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You can’t judge a book by its cover, goes the old saying, but in a new literary row in the UK, people are judging a cover by its book – and, for many, the cover is coming up short.

The book jacket for the 50th anniversary edition of Sylvia Plath’s The Bell Jar, critics say, makes the darkly autobiographical account of a young woman’s struggles with mental illness look like a 21st century chick lit novel.

The new UK anniversary edition of ‘The Bell Jar’ (Faber)

The bright red cover (photo above) of the classic shows an attractive woman looking into a make-up mirror as she powders her chin.

The London Review of Books called the cover “silly,” while everyone from Jezebel’s Tracie Egan Morrissey to Letters of Note founder Shaun Usher called it “hideous.” Journalist Sarah McAlpine termed it “an insult to women everywhere.”

The cover’s detractors say that it both contradicts the book’s messages about gender oppression and condescends to today’s readers.

Plath, who published the novel under the pseudonym “Victoria Lucas,” committed suicide just weeks after it originally came out in England. The new cover presents a dramatic contrast to the artwork of that 1963 first edition, which shows the dark silhouette of a woman surrounded by the outlines of a presumably suffocating glass jar.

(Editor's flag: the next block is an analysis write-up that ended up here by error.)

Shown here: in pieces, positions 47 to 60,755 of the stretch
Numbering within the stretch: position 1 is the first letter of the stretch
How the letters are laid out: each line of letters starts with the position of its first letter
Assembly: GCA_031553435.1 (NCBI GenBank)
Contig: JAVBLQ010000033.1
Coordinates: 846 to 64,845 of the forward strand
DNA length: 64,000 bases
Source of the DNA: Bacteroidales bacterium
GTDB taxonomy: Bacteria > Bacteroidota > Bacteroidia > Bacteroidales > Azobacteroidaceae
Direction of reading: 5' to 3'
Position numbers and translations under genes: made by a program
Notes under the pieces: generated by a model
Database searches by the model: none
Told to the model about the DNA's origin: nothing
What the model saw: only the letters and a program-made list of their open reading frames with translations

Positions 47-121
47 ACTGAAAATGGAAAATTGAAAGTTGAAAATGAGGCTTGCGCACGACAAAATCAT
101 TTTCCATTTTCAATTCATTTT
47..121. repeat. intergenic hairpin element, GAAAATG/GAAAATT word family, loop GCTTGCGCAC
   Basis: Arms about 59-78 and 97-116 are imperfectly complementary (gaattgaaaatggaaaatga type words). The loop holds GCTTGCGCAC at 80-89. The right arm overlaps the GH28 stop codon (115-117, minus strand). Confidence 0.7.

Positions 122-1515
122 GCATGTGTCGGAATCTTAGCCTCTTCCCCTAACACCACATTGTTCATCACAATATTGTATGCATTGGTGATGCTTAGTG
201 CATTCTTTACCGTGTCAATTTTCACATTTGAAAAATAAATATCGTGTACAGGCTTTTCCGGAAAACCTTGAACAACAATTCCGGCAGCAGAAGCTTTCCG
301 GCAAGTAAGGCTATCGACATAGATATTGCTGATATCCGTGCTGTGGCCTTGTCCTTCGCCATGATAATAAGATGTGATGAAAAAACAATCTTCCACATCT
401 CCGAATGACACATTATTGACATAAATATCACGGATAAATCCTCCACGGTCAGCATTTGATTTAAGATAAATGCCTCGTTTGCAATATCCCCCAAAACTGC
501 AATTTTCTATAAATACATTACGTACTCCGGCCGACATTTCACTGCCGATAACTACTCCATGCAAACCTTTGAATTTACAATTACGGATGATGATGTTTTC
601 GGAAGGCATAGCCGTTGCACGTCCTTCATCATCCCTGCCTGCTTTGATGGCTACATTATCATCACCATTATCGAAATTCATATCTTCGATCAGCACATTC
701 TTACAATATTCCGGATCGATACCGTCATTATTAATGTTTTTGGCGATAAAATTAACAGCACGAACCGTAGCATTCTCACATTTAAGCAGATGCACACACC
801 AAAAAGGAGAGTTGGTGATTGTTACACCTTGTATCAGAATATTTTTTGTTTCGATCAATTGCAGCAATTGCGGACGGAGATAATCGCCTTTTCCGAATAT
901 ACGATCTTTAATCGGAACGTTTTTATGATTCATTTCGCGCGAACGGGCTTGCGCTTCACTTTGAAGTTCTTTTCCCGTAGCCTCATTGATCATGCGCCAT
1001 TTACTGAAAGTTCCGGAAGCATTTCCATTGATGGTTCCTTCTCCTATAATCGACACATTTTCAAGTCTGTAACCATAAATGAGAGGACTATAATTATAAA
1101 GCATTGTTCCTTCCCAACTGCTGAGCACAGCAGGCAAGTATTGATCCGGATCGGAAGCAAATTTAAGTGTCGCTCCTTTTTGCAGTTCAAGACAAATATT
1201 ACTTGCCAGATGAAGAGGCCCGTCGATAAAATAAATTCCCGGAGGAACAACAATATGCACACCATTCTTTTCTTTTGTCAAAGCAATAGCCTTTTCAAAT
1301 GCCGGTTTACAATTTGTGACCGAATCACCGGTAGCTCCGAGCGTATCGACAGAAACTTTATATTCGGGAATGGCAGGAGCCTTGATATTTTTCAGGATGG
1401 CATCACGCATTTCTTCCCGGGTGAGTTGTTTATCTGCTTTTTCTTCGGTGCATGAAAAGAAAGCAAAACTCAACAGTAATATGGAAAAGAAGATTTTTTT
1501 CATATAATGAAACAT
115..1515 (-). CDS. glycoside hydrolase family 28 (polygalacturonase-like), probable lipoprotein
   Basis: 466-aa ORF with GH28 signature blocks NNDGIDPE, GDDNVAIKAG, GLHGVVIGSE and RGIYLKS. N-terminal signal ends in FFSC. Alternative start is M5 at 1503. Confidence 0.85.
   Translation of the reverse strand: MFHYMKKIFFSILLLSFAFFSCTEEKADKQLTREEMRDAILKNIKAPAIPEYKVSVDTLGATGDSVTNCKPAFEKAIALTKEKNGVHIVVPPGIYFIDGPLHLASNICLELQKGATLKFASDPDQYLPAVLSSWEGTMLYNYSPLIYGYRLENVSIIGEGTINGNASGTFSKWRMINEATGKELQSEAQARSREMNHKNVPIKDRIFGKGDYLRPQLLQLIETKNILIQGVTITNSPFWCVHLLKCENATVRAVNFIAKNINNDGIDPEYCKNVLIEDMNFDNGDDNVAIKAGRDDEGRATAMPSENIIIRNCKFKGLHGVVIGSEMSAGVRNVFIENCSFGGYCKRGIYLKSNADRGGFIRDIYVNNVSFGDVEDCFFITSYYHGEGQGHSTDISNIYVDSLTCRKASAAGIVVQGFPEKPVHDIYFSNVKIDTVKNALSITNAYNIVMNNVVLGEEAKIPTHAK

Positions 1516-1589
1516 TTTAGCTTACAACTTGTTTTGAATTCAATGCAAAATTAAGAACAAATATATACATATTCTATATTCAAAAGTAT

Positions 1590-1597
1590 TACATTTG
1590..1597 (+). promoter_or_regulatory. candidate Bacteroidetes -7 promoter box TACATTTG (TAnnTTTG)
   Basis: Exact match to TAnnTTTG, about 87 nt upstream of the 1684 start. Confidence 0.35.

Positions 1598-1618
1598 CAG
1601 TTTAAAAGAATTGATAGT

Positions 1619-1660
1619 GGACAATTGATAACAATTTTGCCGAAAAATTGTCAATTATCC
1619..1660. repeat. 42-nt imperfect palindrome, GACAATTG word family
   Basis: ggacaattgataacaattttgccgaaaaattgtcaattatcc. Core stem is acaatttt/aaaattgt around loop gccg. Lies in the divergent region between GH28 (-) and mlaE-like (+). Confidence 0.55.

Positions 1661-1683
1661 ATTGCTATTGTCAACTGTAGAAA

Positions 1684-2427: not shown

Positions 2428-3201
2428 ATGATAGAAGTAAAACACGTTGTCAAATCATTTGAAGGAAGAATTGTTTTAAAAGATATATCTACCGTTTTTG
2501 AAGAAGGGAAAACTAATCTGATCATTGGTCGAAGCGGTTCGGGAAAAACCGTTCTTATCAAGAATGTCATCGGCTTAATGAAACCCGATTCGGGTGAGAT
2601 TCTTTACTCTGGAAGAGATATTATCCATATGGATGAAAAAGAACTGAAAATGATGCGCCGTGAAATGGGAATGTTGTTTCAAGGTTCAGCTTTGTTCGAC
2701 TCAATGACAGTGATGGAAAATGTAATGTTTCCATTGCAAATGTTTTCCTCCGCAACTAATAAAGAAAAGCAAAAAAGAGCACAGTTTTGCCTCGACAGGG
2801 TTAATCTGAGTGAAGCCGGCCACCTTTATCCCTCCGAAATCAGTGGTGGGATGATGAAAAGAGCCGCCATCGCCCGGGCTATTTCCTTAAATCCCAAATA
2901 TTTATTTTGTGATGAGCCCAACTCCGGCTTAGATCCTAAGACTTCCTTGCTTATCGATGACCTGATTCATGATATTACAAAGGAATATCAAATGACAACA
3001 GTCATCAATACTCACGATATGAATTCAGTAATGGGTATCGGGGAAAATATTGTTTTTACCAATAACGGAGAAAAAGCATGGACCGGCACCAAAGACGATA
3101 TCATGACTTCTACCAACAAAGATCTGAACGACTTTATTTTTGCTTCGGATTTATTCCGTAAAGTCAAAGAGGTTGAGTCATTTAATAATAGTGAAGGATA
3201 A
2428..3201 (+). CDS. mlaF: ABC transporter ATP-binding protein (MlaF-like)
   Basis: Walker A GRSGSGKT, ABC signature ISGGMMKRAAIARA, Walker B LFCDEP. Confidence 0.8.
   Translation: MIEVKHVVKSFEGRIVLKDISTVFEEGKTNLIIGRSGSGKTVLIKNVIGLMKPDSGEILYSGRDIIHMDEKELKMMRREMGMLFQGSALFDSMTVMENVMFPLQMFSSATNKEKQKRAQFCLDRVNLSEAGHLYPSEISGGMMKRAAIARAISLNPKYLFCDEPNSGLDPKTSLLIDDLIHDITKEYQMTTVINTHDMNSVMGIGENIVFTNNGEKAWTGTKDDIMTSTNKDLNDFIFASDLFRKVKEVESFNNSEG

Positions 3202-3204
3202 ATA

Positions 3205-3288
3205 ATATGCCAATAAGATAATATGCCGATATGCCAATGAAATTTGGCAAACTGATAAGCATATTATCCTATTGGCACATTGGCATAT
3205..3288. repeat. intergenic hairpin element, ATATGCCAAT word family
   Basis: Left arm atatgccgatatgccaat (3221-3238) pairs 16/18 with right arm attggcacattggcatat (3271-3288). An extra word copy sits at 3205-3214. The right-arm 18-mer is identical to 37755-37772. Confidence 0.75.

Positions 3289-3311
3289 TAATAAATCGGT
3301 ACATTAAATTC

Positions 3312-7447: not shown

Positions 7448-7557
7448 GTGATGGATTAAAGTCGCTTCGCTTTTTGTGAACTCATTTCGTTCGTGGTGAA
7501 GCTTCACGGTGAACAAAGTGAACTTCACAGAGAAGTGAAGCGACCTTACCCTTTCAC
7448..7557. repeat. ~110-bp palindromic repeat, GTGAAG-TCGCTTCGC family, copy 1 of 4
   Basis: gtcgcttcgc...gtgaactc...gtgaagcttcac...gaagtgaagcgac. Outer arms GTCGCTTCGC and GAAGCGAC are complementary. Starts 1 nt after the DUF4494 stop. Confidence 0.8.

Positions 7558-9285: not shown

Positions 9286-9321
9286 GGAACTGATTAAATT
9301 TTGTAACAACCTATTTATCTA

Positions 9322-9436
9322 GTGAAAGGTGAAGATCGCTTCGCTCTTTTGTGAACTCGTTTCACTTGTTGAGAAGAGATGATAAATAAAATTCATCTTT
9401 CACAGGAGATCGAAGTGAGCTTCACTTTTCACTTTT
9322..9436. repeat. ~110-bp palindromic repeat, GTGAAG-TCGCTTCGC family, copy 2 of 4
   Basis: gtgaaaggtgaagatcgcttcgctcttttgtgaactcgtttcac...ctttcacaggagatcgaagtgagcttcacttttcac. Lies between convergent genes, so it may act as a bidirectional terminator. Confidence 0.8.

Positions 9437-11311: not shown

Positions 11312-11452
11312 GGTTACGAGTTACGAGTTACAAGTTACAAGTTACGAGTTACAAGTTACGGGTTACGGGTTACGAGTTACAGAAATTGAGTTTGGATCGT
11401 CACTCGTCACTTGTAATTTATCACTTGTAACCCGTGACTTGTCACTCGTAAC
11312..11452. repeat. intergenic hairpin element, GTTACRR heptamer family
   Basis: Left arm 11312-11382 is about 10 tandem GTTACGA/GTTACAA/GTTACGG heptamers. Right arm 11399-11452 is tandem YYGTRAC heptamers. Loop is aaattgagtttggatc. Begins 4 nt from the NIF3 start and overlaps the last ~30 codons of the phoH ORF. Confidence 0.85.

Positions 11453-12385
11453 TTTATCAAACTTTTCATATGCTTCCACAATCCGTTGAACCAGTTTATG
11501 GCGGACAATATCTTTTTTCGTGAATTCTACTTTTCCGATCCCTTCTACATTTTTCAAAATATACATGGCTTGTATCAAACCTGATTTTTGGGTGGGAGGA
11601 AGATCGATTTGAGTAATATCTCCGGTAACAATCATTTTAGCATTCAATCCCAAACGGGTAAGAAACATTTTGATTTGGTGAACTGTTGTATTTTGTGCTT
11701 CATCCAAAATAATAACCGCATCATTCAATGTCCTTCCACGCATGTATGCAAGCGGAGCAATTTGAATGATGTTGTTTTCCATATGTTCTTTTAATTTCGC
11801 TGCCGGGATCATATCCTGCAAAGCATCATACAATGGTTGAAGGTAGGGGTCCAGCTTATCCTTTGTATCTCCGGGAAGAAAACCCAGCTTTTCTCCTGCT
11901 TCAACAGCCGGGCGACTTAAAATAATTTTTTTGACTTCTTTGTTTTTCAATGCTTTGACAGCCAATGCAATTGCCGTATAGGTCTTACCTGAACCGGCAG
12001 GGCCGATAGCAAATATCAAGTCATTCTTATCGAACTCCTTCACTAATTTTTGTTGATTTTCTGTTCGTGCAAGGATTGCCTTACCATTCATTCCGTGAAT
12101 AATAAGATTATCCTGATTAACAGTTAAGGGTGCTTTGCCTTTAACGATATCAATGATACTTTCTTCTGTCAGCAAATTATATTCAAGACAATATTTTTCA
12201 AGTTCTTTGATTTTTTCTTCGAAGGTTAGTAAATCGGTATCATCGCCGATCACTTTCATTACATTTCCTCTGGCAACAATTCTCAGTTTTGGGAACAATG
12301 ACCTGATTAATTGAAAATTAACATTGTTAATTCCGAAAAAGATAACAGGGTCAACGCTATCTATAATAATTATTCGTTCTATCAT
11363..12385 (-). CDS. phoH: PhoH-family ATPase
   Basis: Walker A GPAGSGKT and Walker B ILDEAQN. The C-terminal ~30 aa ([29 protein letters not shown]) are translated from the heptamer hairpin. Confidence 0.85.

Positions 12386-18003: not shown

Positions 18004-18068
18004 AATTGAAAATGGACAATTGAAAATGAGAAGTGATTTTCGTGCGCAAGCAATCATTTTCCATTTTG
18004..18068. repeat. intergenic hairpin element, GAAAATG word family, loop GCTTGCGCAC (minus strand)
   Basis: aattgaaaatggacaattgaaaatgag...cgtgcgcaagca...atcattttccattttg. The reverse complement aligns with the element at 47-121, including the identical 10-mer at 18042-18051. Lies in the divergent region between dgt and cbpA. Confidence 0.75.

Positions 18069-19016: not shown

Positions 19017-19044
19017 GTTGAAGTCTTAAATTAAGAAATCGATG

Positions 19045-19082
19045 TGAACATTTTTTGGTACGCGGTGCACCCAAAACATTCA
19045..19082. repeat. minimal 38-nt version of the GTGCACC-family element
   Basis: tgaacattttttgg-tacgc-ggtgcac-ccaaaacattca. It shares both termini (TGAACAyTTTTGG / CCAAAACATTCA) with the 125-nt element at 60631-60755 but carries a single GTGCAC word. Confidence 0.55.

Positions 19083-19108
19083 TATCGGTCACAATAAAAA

First edition of ‘The Bell Jar’

This week, some critics also suggested that the book could have been reprinted with a cover illustration reminiscent of the concentric circle design of the 1967 edition of the novel, the first to carry the author’s real name. (The designer, Shirley Tucker, described it as “a doodle that turned into a jacket.”)

Shirley Tucker’s cover design (Faber)

“If Sylvia Plath hadn’t already killed herself, she probably would’ve if she saw the new cover of her only novel The Bell Jar,” wrote Jezebel’s Morrissey, who then added her aesthetic judgment of the artwork: “Also, it’s ugly and the colors suck.”

Faber, the book’s publisher, obviously disagrees and points out the sales success of the new edition. An editor there told the Guardian that the cover depiction was meant to represent the early part of the novel, in which the central character, Esther Greenwood, is an intern at a woman’s magazine in New York City, “encountering the conflict between new freedom and old assumptions about women’s aspirations.”

Still, the media columns and the Twitter criticisms keep coming – as do the thankfully inevitable parodies, our favorite part of this literary brouhaha. Here are a few alternative cover ideas, courtesy of the Guardian, Storify and, of course, Twitter.

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By Paul Hechinger